author = "Bradley Greger",
year = "2014",
month = "5",
day = "28",
language = "English (US)",
type = "Patent",

}

TY - PAT

T1 - TUFT peripheral nerve interface: a compliant micro-electrode array for recording electrophysiological signals and micro-stimulating neural tissue

AU - Greger, Bradley

PY - 2014/5/28

Y1 - 2014/5/28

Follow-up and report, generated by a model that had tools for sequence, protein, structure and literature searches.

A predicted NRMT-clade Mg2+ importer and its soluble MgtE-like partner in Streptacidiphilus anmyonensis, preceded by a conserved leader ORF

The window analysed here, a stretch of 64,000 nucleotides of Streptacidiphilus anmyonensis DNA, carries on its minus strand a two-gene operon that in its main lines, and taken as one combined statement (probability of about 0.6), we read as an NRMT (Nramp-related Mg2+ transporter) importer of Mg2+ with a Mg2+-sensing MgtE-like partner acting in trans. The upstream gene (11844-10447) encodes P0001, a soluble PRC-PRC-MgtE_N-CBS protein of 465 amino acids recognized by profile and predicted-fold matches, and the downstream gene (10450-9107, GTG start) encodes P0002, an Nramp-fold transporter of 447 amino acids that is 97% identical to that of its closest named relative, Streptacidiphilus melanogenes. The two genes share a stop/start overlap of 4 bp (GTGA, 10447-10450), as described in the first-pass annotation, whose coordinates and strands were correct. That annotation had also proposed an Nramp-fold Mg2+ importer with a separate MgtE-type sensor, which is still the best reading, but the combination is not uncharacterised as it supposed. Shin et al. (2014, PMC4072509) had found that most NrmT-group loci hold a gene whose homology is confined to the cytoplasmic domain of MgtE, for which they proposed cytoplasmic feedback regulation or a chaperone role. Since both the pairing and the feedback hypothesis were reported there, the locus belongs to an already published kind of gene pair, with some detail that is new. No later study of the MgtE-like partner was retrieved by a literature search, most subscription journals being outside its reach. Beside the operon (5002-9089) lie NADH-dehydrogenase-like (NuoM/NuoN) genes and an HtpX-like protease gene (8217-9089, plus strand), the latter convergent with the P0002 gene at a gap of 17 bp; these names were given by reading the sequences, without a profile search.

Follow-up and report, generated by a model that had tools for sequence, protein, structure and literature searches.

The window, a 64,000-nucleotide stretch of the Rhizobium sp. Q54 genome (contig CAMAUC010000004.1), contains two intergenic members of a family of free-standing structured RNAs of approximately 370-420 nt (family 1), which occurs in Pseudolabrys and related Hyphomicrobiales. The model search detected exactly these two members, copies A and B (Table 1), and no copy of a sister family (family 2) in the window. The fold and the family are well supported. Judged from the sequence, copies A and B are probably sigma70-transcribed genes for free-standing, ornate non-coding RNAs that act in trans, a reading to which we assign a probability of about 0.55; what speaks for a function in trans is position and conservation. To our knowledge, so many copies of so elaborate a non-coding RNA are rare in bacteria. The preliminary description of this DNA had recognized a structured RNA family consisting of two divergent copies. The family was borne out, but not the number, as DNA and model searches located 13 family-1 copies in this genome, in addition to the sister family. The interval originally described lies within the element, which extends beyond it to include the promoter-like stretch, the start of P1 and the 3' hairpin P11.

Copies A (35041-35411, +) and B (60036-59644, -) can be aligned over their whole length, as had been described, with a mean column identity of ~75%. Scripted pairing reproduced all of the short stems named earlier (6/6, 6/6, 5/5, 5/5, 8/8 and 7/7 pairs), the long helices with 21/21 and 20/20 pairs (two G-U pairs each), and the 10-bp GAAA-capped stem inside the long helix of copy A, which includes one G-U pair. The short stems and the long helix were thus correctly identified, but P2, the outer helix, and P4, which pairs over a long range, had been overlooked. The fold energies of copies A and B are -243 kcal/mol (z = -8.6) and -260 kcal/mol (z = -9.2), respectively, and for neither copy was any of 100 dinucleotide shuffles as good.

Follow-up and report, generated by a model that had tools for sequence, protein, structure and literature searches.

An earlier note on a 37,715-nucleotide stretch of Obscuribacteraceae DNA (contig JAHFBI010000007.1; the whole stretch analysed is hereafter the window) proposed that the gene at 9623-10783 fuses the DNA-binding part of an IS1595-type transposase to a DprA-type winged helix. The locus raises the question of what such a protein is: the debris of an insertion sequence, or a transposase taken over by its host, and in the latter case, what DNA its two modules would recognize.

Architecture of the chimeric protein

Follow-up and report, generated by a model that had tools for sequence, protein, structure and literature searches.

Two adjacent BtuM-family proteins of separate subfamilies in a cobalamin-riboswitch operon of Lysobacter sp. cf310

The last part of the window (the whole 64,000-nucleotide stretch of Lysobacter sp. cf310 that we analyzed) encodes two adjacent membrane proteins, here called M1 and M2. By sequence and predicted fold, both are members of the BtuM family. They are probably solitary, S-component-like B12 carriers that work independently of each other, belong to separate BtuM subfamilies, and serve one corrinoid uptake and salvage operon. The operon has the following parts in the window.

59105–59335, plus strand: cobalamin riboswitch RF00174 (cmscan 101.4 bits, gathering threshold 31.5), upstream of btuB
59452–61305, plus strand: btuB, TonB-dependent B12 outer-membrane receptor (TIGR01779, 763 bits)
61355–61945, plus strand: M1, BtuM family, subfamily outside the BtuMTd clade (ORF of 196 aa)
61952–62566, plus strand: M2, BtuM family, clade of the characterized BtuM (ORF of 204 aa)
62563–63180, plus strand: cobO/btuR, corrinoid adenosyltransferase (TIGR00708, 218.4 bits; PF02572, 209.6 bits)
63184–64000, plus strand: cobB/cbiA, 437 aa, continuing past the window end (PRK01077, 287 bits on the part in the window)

N2 - Neural prostheses require special electrical interfaces for interacting with neural tissue to substitute for motor, sensory, visceral or cognitive functions. One target for such interfaces is peripheral nerves which connect the brain and spinal cord to the rest of the body. Current peripheral nerve interfaces all suffer from at least one of two design challenges. They are either made of non-compliant and brittle materials that are subject to failure in real-world use, or they do not sample a complete cross-section of the nerve limiting the amount of information that can be exchanged with the nervous system. Researchers at Arizona State University have developed a novel device/interface that addresses both of the main design challenges that plague current peripheral nerve interfaces. This device and its unique implantation technique enables a long-term chronic neural interface for neural prosthetic applications. The neural interface provides both conformal materials to maximize robustness and signal stationarity and sampling from the complete cross-section of the nerve to maximize information transfer to and from the nerve. This novel interface overcomes the two major challenges of current peripheral nerve interfaces and enables a long-term chronic neural interface for a myriad of applications. Potential Applications Peripheral nerve interface Neural prostheses (hearing, vision, motor, cognitive, etc.) Prosthetics for pain relief Prosthetics for bladder control/incontinence Restoration of motor function following spinal cord injury or stroke Treatment of epilepsy by electrical stimulation of the vagus nerve Treatment of chronic migraines by stimulation of the occipital nerve Benefits and Advantages Provides conformal materials to maximize robustness and signal stationarity Non-destructively samples from the complete cross-section of the nerve to maximize information transfer to and from the nerve Enables a long-term chronic neural interface for neural prosthetic applications Unique implantation techniques minimize damage and trauma to the nerve Can measure electrical activity adjacent to the nerve fibers without sharp or concussive penetration Download original PDF For more information about the inventor(s) and their research, please see Dr. Greger's Laboratory Webpage